Service above self

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Local Rotary clubs work together to improve Lowcountry life

FOR 50 YEARS, the Hilton Head Island Rotary Club has been pitching in and raising money to improve the community and the lives of residents.

Since buying Hilton Head’s first ambulance, the club has raised more than $1.7 million for local needs and helped make possible such mainstay institutions as the Island Recreation Center and a permanent home for charitable organization The Deep Well Project.

Now celebrating its 50th anniversary, the club has grown to more than 150 members who participate in service projects year-round. Since 1967, when the Hilton Head club was chartered, four more Rotary clubs — the Sunset and VanLandingham clubs on Hilton Head and the Bluffton and Okatie clubs on the mainland — have adopted the international organization’s motto: “Service above self.”

SHOWING SIGNS AT 50

To kick off its 50th birthday, the Hilton Head Rotary Club did what seemed most fitting — another service project to improve the community.

After brainstorming and vetting ideas, the club created 50 signs to place along the town’s bike paths, giving bikers and walkers quick facts about the island’s history and ecology.

“For our 50th anniversary, we wanted to give a gift to the community that both residents and visitors would enjoy,” says Michael Marks, who led the sign committee. “We hope it will be a fun, educational moment as they are riding their bikes or walking down the pathway.”

The signs are part of a multitude of projects the club has adopted over the past five decades. It typically picks a long-term project every couple of years to work on and raise money for. Past examples include building island bus shelters and funding a new building for Memory Matters, which provides care for Alzheimer’s and dementia sufferers and help for their caregivers.

The club has also funded $300,000 in annual college scholarships, and its members have been regular fixtures at the RBC Heritage Presented by Boeing PGA Tour golf tournament, serving as greeters and manning the will-call ticket booth.

“We all enjoy getting out there and trying to make it a better place to live and work,” Marks says.

MARKING 20 YEARS AT SUNSET

The Hilton Head club isn’t the only group of Rotarians on the island celebrating an anniversary.

The Sunset Rotary Club turns 20 this year. Though much smaller than the Hilton Head club, its 35 members make a big impact on the community. President Ron Molen says the club likes to stay small, and its specialty is getting out in the community and lending a hand.

“We do contribute $10,000 to $20,000 a year to nonprofits,” Molen says. “But our preference is to actually get in and do the sweat equity.”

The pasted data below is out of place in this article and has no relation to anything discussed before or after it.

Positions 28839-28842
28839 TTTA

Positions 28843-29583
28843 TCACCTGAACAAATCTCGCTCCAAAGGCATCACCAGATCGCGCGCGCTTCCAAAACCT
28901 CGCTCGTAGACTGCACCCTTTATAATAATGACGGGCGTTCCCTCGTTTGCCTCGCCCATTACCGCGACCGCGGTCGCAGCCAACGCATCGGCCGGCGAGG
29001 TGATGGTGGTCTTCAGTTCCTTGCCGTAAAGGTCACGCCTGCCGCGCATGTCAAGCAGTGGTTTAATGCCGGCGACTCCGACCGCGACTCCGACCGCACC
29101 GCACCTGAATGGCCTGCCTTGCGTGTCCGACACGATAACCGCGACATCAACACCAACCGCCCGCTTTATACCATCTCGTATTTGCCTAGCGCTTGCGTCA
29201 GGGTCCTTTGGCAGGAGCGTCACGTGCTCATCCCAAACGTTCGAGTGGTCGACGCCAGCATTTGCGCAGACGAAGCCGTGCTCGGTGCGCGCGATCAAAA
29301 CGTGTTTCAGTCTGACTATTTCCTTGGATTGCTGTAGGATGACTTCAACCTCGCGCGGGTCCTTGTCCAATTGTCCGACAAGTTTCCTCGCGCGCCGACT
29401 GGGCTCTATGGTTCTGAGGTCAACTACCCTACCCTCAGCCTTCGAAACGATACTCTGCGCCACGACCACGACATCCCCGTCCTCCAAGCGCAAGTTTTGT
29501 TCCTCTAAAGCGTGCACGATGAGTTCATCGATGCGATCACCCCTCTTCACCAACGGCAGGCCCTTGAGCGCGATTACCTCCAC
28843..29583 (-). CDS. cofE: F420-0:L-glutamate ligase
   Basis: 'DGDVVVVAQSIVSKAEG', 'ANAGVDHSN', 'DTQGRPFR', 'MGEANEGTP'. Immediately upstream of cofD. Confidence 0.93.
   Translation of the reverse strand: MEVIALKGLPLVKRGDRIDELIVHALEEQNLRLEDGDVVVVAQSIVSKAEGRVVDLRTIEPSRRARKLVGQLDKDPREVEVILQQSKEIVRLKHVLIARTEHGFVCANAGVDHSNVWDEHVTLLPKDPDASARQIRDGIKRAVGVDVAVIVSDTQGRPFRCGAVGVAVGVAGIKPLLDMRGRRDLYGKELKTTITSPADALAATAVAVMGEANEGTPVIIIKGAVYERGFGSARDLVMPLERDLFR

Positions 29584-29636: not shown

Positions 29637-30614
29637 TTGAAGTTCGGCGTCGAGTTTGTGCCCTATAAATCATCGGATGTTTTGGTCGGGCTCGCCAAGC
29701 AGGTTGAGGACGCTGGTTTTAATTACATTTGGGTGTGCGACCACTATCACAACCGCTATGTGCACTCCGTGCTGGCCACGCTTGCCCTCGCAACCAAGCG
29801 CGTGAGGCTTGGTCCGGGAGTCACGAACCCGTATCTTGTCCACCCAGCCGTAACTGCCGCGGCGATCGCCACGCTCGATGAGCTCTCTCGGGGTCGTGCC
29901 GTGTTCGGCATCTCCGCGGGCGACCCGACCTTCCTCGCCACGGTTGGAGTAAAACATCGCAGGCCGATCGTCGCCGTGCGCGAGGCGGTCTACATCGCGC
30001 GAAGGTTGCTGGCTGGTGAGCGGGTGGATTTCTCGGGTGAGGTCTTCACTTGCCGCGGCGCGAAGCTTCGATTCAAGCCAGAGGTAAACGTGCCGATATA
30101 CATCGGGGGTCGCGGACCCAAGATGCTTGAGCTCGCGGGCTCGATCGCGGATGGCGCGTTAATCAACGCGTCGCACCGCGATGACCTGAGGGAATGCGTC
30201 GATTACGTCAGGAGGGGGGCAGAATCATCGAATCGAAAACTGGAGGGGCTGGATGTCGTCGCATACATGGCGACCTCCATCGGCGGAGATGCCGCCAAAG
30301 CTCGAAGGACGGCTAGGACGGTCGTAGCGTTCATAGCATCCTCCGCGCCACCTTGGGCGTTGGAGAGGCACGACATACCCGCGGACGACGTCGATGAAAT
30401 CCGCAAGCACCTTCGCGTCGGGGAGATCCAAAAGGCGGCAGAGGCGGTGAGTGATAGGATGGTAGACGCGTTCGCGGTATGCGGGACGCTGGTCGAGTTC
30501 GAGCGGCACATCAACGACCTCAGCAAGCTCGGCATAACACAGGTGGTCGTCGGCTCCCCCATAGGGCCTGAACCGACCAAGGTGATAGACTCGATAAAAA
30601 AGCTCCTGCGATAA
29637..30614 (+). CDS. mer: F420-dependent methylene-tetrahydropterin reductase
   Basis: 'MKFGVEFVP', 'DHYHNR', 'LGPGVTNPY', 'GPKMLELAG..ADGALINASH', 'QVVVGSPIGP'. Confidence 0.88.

Some of the club’s recent projects include painting the Hilton Head Children’s Center, landscape work for the First Tee youth golf program at the Boys & Girls Club of Hilton Head Island, and sprucing up the facilities for the Wish Upon A Horse riding program for children with disabilities.

VANLANDINGHAM MAKES IMPACT

The VanLandingham Rotary Club has been serving Hilton Head Island since 1983, raising more than $1 million for community organizations through its annual television auctions and other fundraisers.

The club raised $350,000 to build the Hilton Head Children’s Center. It funded Volunteers In Medicine’s Pediatric Dental Clinic. And it raised $200,000 for the island’s Boys & Girls Club.

Its other projects include helping with the development of the University of South Carolina Beaufort, Hilton Head Heroes, Operation R&R and Neighborhood Outreach Connection.

SERVING THE MAINLAND

Across the bridges on the mainland, Rotarians are busy in Bluffton and Okatie giving a boost to local nonprofit organizations.

The Rotary Club of Okatie raises thousands of dollars through its annual Polo for Charity event. Last year’s tournament yielded $6,000 for victims of Hurricane Matthew. The club recently completed its Have a Heart and Feed the Children fundraiser, and also donated $5,000 to Moss Creek Marines, which helps place assistance dogs with combat veterans suffering from physical and mental injuries.

At the nearby Rotary Club of Bluffton, members also pack in a lot of community service each year, working several fundraising events, including Mayfest, the Bluffton Arts & Seafood Festival and the Bluffton Oyster Roast.

Last November, the club bought about 200 pairs of new shoes for needy children through its annual Happy Feet program.

Club president Michael Putich is particularly proud of the club’s Walk for Water fundraiser, held in September. Along with a grant from Rotary International, the event funded the construction of a $50,000 clean-water facility in Miramar, Peru.

The project was also an example of how the local Rotary clubs work together for the greater good.

“I will give a big shout out to all the Rotary clubs in the area,” Putich says, “because they each contributed something to our international water project, and we really appreciated that.”